California Governor Arnold Schwarzenegger calls state legislators to a special session to address budget concerns November 6, 2008 in Sacramento, California. The state's budget deficit has ballooned to $11.2 billion in just the past few weeks, and Schwarzenegger calls for budget cuts and a tax hike. (Getty Images)more pics »California Governor Arnold Schwarzenegger said on Tuesday that it's time we started considering the prospect of marijuana legalization.
Schwarzenegger has long displayed a laissez-faire attitude toward pot. He was filmed smoking marijuana for the 1977 film Pumping Iron and even said of the drug in 2007: "That is not a drug. It's a leaf." But the governor wasn't quite ready to sign on to any campaign to legalize said leaf. The Sacramento Bee reports that during an appearance at a fire safety event in Davis, the governor took a question on the subject.
"Well, I think it's not time for (legalization), but I think it's time for a debate," Schwarzenegger said. "I think all of those ideas of creating extra revenues, I'm always for an open debate on it. And I think we ought to study very carefully what other countries are doing that have legalized marijuana and other drugs, what effect did it have on those countries?"
The governor was asked about a recent Field Poll which found that 56% of voters would favor legalizing and taxing marijuana. California has some of the most notoriously lax laws regarding cannabis, with a flourishing medical marijuana industry that is still considered illegal by federal standards. State Representative Tom Ammiano (D-San Francisco) introduced legislation in February that would legalize, regulate and tax the cultivation and sale of marijuana.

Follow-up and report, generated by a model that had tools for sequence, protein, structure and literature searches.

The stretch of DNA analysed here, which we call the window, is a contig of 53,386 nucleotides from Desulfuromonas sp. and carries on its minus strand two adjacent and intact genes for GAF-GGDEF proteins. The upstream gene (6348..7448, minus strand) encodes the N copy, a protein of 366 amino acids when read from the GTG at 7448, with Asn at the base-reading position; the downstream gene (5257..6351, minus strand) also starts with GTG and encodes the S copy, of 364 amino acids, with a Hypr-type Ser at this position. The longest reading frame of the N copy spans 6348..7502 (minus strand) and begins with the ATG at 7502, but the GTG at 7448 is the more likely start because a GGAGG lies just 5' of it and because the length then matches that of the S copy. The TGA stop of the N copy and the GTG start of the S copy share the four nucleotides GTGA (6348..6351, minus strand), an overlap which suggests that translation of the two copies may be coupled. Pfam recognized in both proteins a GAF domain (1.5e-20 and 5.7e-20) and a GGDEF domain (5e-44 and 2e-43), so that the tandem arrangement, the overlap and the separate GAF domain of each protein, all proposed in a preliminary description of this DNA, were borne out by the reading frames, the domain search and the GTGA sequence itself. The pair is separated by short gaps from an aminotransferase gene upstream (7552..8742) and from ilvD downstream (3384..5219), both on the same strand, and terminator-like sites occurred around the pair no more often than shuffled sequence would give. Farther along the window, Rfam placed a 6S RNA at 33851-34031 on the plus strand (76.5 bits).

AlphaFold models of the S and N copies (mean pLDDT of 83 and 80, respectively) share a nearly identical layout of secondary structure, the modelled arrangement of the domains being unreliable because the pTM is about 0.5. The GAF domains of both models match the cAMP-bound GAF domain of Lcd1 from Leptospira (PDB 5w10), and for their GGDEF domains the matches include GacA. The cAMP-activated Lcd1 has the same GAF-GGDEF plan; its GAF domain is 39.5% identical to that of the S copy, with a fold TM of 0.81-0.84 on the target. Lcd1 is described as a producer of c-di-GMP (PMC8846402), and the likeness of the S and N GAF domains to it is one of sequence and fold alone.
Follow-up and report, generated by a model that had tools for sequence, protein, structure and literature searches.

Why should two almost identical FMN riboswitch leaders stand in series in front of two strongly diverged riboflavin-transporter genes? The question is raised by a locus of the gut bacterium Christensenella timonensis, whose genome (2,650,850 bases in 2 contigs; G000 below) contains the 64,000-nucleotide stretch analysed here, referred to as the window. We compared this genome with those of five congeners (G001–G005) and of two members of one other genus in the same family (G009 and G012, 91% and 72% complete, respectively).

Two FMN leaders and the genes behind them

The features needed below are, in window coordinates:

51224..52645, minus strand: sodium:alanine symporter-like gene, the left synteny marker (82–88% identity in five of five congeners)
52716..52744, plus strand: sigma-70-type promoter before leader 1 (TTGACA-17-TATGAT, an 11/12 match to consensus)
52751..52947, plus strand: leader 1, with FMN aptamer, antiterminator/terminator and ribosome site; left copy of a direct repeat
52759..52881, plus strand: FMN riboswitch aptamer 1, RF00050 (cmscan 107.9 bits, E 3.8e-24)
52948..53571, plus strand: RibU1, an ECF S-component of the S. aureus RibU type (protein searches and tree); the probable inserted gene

Ammiano has proposed a tax of $50 for every ounce of marijuana sold to raise an estimated $1.34 billion for the state.
Schwarzenegger showed a considerably more open attitude than President Barack Obama on the subject. Though Obama said he would consider pursuing the decriminalization marijuana while on the campaign trail, he shut down questions about the move during a town hall meeting in March. Addressing an online question asking whether he thought pot legalization could help the United States out of its current economic troubles, the president said: "The answer is no, I don't think that is a good strategy to grow our economy."